Shards in Desperance


By Ken Bruen

                      Jan 29th is PATRY FRANCIS DAY

Here be … grace under fire.

Battling with a serious health problem, she stands as a shining example of:
“She may have the illness but goddammit, the illness will never have her.”

Her debut novel, THE LIARS DIARY was and remains one of the highlights of the year.

She has true grit and heroism doesn’t always have to be writ in neon, sometimes it shines brightest from the most unassuming of people.

Her novel sits on my desk and her sheer spirit rests in my heart.

I’m not often associated with gratitude but today, I give thanks for a world that has such wondrous people as Patry in it.

For today, I hope she will know that she is deep and deepest cherished.

                                           ______

February is looming, dark and rapid. Here, that means the Feast of St Brigid, and I know, we have a Saint for most everything but St Brigid has her own cross.  You’re thinking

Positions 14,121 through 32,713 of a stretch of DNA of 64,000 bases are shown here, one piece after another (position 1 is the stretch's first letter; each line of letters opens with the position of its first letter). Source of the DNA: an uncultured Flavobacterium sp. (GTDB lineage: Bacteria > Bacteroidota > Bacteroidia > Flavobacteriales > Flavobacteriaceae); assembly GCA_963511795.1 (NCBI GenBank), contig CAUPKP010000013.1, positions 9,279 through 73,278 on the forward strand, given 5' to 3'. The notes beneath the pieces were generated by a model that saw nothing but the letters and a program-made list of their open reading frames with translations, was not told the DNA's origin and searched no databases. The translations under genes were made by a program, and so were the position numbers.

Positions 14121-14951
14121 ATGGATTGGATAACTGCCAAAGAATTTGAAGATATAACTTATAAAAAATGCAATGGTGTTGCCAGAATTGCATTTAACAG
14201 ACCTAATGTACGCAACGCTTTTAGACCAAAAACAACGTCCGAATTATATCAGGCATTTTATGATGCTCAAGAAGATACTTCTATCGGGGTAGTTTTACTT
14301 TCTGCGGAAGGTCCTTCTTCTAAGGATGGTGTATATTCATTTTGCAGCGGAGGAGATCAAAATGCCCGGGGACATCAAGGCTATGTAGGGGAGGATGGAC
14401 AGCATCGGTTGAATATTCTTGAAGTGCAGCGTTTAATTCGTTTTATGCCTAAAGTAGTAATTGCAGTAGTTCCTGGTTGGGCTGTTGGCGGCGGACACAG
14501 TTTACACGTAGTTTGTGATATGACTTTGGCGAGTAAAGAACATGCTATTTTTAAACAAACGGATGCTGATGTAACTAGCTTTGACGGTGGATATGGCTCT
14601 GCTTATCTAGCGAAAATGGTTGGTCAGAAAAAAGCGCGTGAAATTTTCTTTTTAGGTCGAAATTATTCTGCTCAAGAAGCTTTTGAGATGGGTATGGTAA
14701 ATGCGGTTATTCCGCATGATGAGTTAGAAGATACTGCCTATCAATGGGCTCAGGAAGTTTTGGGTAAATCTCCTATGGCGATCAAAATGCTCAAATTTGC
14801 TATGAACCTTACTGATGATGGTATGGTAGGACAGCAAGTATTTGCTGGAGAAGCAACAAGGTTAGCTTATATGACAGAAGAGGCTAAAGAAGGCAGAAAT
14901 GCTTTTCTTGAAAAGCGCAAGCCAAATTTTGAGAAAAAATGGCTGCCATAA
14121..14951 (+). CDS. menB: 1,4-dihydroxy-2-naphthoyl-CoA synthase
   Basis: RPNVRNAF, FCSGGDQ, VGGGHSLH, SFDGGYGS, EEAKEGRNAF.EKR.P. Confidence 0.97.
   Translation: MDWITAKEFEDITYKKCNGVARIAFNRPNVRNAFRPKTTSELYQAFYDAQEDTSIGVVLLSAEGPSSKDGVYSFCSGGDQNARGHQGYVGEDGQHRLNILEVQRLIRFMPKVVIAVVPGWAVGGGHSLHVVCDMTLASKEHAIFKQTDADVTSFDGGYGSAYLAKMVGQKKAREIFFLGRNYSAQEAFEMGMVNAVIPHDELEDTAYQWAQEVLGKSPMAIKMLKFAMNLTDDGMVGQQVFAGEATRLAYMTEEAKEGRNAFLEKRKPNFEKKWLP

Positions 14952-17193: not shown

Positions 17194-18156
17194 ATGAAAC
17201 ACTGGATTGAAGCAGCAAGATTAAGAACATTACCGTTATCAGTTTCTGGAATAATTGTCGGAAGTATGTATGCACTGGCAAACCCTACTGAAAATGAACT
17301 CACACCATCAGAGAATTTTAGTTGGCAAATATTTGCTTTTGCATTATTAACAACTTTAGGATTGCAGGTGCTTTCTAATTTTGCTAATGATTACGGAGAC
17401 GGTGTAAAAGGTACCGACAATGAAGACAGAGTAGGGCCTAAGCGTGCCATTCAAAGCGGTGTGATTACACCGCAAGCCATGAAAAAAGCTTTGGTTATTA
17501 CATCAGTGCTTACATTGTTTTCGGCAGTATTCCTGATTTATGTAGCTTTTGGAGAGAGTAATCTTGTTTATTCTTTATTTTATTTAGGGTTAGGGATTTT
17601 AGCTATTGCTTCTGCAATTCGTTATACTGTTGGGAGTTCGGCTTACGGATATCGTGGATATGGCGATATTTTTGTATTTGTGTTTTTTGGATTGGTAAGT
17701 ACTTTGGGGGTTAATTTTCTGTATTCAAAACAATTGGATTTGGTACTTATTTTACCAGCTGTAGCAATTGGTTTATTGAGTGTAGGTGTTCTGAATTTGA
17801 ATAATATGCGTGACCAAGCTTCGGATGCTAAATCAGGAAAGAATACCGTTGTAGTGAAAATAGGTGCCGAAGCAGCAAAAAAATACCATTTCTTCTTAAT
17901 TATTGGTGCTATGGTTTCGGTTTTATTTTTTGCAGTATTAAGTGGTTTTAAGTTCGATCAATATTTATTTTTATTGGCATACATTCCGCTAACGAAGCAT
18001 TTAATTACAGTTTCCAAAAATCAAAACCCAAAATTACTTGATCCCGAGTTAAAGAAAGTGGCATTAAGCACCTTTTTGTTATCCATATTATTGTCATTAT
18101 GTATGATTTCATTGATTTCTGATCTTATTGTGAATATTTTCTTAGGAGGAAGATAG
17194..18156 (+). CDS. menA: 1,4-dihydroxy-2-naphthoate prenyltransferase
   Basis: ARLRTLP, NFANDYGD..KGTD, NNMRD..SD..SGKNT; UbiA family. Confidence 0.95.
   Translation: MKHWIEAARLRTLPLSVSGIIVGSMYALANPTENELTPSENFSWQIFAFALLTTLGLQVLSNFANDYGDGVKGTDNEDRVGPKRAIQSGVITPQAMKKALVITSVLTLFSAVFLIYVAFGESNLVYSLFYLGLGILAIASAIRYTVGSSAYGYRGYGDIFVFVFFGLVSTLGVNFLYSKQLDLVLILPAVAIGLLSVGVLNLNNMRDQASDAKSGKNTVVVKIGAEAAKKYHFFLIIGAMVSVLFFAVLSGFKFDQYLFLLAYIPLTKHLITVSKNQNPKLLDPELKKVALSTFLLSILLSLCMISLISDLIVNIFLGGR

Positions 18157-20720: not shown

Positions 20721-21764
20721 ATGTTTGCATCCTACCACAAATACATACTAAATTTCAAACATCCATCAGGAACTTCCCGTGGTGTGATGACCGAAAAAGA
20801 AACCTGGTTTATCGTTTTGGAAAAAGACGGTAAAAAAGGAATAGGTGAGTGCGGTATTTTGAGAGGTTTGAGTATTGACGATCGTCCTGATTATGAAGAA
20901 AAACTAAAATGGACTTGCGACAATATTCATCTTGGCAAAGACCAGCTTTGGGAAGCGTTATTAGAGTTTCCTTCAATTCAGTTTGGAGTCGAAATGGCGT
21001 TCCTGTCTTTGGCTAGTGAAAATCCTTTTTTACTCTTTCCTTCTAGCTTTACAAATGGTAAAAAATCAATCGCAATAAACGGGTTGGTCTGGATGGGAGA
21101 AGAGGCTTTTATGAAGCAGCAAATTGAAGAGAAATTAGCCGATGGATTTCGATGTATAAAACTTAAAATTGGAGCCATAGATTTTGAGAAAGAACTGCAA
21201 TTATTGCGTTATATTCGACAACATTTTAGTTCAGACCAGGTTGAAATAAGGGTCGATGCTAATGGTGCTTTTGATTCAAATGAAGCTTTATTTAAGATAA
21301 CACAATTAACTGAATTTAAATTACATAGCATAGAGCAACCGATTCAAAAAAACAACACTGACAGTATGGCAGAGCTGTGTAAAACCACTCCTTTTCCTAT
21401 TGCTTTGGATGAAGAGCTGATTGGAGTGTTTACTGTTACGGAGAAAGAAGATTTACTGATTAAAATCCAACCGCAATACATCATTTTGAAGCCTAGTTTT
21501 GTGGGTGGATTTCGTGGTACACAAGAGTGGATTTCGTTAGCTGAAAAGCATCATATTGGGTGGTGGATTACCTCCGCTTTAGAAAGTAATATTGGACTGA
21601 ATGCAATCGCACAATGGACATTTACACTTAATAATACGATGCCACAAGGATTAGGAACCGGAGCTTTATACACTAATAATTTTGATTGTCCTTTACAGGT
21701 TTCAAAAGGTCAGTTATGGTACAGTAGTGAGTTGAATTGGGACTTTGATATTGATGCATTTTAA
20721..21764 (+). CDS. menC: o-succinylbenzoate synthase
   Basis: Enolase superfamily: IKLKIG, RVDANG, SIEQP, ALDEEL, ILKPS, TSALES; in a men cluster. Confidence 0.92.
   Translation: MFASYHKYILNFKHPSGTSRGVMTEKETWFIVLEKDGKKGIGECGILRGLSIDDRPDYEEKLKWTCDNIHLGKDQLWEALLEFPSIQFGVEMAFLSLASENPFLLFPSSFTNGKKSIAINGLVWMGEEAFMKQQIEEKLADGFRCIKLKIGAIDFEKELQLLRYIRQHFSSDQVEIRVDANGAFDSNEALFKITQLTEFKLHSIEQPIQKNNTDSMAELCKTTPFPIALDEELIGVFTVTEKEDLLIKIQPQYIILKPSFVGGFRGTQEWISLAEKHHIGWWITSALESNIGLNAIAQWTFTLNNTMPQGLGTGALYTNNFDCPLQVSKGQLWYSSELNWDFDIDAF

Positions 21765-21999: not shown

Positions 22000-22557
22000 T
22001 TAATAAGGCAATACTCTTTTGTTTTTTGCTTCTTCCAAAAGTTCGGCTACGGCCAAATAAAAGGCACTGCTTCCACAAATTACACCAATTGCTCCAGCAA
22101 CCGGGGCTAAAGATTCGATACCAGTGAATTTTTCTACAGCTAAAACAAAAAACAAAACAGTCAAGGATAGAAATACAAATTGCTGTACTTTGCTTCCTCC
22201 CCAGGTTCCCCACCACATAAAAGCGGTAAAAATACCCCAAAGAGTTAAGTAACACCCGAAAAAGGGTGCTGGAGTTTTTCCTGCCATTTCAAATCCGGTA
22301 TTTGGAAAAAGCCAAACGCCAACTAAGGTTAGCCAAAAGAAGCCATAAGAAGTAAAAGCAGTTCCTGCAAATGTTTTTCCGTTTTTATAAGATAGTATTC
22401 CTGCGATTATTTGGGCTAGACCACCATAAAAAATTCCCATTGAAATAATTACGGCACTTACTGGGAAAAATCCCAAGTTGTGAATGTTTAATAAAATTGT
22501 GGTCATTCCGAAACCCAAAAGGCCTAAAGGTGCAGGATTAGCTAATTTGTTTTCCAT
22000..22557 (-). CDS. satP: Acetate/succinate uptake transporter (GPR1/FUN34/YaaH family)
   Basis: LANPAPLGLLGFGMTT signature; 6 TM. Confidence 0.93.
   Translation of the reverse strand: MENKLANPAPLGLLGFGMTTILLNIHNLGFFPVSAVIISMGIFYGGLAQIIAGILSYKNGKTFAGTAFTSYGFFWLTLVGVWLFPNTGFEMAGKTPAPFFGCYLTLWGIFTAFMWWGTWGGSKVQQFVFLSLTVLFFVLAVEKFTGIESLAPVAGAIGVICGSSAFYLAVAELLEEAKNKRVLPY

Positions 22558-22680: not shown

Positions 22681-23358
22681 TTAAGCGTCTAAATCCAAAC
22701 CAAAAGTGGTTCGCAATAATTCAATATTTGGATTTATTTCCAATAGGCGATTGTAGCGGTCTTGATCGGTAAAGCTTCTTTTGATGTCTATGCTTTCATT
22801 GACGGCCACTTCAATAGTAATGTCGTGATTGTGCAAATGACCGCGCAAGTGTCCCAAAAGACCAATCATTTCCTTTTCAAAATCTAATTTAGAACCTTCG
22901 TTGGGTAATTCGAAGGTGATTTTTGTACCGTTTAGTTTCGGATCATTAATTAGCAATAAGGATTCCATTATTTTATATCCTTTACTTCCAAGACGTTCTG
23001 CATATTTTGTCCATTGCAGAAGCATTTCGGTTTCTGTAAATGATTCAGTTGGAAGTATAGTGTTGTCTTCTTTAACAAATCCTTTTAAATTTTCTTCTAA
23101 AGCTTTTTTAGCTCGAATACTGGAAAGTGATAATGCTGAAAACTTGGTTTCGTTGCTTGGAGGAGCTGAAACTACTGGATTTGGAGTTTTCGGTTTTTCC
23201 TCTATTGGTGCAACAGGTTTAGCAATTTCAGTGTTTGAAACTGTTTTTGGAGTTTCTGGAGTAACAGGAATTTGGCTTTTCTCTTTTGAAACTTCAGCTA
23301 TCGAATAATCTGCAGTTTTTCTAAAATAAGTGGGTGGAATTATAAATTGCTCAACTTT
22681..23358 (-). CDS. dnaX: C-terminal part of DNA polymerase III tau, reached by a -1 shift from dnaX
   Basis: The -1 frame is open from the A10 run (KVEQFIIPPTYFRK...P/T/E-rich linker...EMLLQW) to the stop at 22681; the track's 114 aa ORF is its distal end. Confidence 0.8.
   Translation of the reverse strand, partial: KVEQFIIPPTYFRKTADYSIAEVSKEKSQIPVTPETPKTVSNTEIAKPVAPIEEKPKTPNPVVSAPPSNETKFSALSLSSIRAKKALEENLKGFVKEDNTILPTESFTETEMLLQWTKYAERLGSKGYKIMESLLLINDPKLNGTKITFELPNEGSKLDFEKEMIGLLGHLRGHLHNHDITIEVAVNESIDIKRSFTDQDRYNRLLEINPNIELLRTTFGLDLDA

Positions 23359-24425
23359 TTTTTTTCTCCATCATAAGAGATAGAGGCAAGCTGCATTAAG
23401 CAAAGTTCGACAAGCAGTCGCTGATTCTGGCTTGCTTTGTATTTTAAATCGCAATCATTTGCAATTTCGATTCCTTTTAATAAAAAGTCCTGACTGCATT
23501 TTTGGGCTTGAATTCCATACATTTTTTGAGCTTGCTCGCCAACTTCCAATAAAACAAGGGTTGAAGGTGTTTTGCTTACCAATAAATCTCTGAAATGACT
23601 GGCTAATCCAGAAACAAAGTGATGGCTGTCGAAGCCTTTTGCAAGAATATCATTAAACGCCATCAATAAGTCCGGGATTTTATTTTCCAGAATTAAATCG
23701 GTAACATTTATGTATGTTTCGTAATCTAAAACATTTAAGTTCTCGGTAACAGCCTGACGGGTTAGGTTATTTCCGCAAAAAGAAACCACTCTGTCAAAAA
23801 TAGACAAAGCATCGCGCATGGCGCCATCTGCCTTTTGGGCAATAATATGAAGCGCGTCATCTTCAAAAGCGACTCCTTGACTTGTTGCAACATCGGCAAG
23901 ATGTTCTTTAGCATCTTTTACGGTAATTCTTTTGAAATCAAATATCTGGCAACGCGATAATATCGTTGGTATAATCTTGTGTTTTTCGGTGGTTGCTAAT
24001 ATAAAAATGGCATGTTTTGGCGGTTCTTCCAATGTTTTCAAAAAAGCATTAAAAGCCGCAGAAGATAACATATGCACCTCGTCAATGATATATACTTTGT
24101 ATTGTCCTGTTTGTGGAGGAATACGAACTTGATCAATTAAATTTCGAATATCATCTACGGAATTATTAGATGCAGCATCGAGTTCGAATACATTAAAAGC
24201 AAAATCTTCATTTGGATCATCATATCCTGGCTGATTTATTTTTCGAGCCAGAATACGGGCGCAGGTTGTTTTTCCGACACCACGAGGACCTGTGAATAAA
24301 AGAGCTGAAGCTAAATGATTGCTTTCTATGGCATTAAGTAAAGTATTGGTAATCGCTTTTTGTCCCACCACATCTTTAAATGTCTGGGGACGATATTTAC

“Don’t we all.”

Like the drunk staring up the crucified Christ and muttering

“Any chance of me getting a turn up there?’

St Brigid’s cross is made of reeds, and beautifully interwoven and naturally, if you hang her cross in your home, the house will be blessed.

A close friend of mine from the UK moved here recently and rented a house near the ocean.

So, to keep things green if not downright Irish, I got hold of one of the very old St Brigid’s Crosses and gave it to her.

I ran into her a few weeks later and she glared at me. I went

“What?”

She said her house had been broken into, all her valuable stuff taken. I felt it was more St Brigid’s fault than mine but am I going to lay it off on a Saint?

Me life has enough dark shadows without having a Saint pissed at me. I muttered some half-arsed apologies and commiserations. She let me run me course and then delivered her blow, hissed